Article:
by  16 October 2012

Theresa Henneman stood among a long line of grey-sweater clad women waiting on the steps of Paley Library earlier this month.

A short time later, Henneman was one of more than 200 women to rush through the arch of the Bell Tower, unzip their drab jackets unveiling neon T-shirts printed with Greek letters and rush into the awaiting arms of their new sorority members screaming from the plaza below.

“In short, pretty awesome,” the sophomore therapeutic recreation major and transfer student said of receiving a bid to Delta Phi Epsilon on Oct. 4, one of Temple’s four general interest sororities.

“Temple is a large university. Coming in as a transfer student is a little hard and I figured [joining a sorority] would make everything easier with meeting people and getting involved with school,” said Henneman, now a member of the largest sorority class in Temple history.

More female students than ever have participated in sorority recruitment at Temple this fall, with more than a 100 percent increase from last year, Interim Director of Student Activities Chris Carey said.

While the rates of women joining sororities have been steadily increasing throughout the last five years, Carey said that Fall 2011’s 190 women registered seemed to represent a flat-lining in growth. This fall, however, the interest in recruitment exploded, Carey said.

Starting at the beginning of October, 446 female students registered for recruitment within the Temple University Panhellenic Association, which represents the four general interest sororities: Alpha Epsilon Phi, Delta Zeta, Phi Sigma Sigma and Delta Phi Epsilon. The 11 other sororities at Temple are within the National Multicultural Greek Council and the Temple University National Pan-Hellenic Council also known as the “Divine Nine” historically African-American fraternities and sororities.

Sororities within the Multicultural Greek Council and Pan-Hellenic Council go through a separate recruitment process outside of campus recruitment, Carey said.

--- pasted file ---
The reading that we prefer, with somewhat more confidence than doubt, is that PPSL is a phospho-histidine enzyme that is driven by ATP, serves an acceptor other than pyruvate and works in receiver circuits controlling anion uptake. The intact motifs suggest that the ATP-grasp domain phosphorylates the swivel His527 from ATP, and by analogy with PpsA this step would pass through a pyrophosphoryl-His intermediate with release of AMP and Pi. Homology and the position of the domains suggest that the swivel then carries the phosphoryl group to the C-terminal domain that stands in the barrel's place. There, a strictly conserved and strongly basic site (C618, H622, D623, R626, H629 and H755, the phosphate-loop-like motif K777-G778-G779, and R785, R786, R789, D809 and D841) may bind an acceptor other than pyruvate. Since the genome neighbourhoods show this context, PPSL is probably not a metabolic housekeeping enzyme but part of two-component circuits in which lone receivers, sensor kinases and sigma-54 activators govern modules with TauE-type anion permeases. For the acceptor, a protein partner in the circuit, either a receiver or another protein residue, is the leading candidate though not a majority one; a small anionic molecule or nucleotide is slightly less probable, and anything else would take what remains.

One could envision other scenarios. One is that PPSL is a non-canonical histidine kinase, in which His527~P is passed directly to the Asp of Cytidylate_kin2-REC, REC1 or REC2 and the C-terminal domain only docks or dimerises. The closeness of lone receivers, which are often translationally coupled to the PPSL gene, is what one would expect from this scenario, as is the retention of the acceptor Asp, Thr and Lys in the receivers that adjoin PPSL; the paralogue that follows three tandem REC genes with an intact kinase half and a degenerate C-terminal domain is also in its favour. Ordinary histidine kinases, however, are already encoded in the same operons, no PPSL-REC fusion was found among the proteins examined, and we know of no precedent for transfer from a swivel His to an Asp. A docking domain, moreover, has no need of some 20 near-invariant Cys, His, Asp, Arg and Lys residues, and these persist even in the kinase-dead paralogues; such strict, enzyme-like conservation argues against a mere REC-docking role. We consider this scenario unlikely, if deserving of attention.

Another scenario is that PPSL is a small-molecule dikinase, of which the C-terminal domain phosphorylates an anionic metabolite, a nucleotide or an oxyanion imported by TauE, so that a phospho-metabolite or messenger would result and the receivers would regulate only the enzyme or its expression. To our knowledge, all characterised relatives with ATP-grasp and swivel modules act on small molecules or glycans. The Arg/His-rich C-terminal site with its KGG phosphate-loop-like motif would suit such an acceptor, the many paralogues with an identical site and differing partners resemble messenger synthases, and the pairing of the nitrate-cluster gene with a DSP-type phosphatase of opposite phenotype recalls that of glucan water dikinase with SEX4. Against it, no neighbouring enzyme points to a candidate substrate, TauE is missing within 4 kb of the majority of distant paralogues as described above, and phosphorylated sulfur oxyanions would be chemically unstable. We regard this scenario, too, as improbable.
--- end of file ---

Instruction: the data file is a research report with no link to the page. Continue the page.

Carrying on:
During her last week at Temple, former Student Activities Director Gina D’Annunzio worked with the Panhellenic sororities to hold events inside the Student Center where recruits met in large meeting rooms and made connections with the sisters in their prospective sororities.

Of the women who registered, 261 officially received bids from one of the four sororities during a Bid Night event held at the Bell Tower. The girls in the four sororities dressed up in brightly colored clothing, cheering as they welcomed new members.

“I’m just looking for that family experience, that sisterhood bond for life, and I really want to give back to the community,” Abby Zeppenfelt, a sophomore media studies and production major, who received a bid from Phi Sigma Sigma, said.

With a total of 139 women receiving bids during last years’ recruitment process, the average new member size of 35 women per chapter grew to 63 in 2012, Carey said.

Carey took over the role of interim Student Activities director on Oct. 6, and said he will begin the next step in the process by working with new member educators to develop strategies to work with the larger new member classes.

Within Temple’s fraternities, new member sizes have largely stayed the same, with approximately 115 new members rushing this fall into 10 Interfraternity Council chapters at Temple, Carey said.

Carey also attributed the lower numbers to fraternities hosting spring rush classes, whereas, sororities only recruit in the fall semesters.

The rise in Greek life has come as more students – now close to 7,000, according to university estimates – move to the area surrounding Main Campus. Additionally, Temple is constructing Morgan Hall, which will provide more than 1,200 beds to students living on campus.

“It is a changing demographic of students, there’s a lot of students who are looking for this type of community experience and this social connection,” Carey said.

Carey also said that the rise of Greek institutions’ presence on campus, particularly sororities, through events such as fund raising and service projects has helped to build an increase in interest amongst students.

“It’s a good combination,” Carey said.

“By increasing the number, we were allowed to offer more bids and overall, all four sororities were able to get more young women involved in Greek life. I believe I can speak for everyone in Greek life when I say that we are more than excited to see Greek life expanding,” Sophie Rumbelow, a senior psychology major and president of Alpha Epsilon Phi, said in an email.

In response to the rise in sorority recruitment, Temple is currently researching adding at least one more Panhellenic sorority to Main Campus, Carey said.

“We have to look at the final numbers and have some discussions, this is another formalized process that [the Panhellenic Association] has laid out for how expansion takes place,” Carey said, adding that while no plans are in place, the university is also looking at expansion in terms of the entire Greek system.


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